When can you stop using a grazing muzzle?
Grazing muzzles have a clear purpose: to reduce the volume of pasture grass a horse can eat. But can you stop using a grazing muzzle?
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What happens in your horse’s digestive system
- Muzzles also reduce the volume of sugars and starches landing in your horse’s hindgut – a key component to laminitis and colic risk mitigation. It’s as if you were to eat a bag of chocolate candy in 5 minutes or that same amount over 12 hours; you are less likely to get a stomach ache.
- In the horse’s body, sugars have an express ticket through the digestive system. When they land in the hindgut, the resident microbes do the food breakdown. Some microbes work on the fiber; others eat the sugars and starches.
- If a truckload of sugars arrives, those sugar-eating critters gorge themselves, producing wastes that can alter the pH of the hindgut and create gas, hence the colic risk. When the pH changes, some microbes may die, leaving endotoxic remnants. These endotoxins can pass through the gut wall and into the bloodstream, eventually triggering laminitis.
- Grazing muzzles slow this down, allowing the hindgut to process food at a safe pace. Not all horses are at high risk for this situation, but it’s worth knowing.
Why do some horses need grazing muzzles?
- There are two primary reasons to use grazing muzzles – for overweight horses and those with high laminitis and colic risk.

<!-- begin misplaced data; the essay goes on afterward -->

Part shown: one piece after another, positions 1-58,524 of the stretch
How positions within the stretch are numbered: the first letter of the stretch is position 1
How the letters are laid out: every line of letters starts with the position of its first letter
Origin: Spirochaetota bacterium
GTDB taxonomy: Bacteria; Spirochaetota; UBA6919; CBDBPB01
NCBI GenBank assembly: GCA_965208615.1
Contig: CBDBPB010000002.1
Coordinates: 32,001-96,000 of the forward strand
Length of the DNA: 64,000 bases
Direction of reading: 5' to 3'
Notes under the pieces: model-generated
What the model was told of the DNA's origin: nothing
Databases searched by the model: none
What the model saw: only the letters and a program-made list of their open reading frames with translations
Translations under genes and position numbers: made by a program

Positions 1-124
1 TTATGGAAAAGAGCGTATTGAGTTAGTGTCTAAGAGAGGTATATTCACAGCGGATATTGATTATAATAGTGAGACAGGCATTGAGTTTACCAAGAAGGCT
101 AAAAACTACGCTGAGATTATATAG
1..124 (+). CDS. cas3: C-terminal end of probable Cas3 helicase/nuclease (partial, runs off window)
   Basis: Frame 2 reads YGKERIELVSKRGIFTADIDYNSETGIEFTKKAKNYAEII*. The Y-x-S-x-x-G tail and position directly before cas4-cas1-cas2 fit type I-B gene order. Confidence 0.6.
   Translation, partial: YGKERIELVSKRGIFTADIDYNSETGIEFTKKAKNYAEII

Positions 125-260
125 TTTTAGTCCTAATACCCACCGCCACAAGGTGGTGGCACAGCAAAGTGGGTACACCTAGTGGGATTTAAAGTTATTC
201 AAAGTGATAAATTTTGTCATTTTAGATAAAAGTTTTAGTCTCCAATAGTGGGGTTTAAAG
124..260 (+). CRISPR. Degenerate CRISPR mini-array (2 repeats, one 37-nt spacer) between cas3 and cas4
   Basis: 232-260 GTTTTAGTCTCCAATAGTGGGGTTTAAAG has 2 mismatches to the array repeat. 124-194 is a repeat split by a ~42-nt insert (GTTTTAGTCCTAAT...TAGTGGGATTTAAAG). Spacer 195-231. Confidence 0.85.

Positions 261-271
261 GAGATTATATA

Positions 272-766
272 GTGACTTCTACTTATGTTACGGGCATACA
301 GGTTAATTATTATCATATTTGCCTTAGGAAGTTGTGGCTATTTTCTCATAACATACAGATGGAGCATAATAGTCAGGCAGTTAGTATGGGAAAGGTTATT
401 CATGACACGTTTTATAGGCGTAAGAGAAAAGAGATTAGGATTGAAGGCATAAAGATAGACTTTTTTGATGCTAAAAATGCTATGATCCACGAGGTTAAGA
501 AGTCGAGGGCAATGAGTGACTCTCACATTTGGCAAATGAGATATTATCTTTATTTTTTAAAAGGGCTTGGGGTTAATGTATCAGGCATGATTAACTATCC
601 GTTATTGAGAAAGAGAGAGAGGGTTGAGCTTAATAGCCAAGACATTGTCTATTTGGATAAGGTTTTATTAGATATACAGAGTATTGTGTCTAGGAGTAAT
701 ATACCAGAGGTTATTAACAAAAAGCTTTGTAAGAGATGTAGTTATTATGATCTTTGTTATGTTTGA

- For overweight horses, grazing muzzles allow slow feeding of pasture but with reduced calories. At-risk horses still need the companionship, movement, and freedom of turnout, with a tool that reduces the sugars and starches. Muzzles act like a wearable hay net.
What about a few hours of grass instead of all day with a muzzle?
- Fewer hours of grass pasture could be great for the overweight horse – as calories are limited. BUT – they may miss out on the other benefits of turnout.
- For laminitis risk reduction, a few hours naked-faced can be the equivalent of letting them eat a bag of grain. The volume of sugary and starchy goodness is too much for their hindgut microbes to handle. Letting your horse spread out the bag of chocolate candy reduces that risk and allows the hindgut’s microbes to work safer than without a muzzle.
When can a horse stop using a grazing muzzle?
- Muzzles can come off when your horse’s risk of laminitis and colic are safely managed and your horse’s weight is appropriate.
- In both situations, your horse should be able to maintain a low laminitis risk and proper weight without a muzzle. It’s easier said than done, and the laminitis and colic risk of metabolic disorders may be life-long and constant. For example, a horse with PPID (formerly known as Cushing’s) will have this condition forever and will be managed with medications and lifestyle changes. You can help insulin-resistant horses with diet, exercise, and weight management.
- Your vet is the best resource you have to determine your horse’s appropriate weight and risk level for laminitis and colic.
Transition your horse out of a grazing muzzle
- You create a diet change every time you alter your horse’s food or feeding mechanism. This applies to removing the muzzle from your horse’s life. Take about two weeks to acclimate your horse to muzzle-free grazing.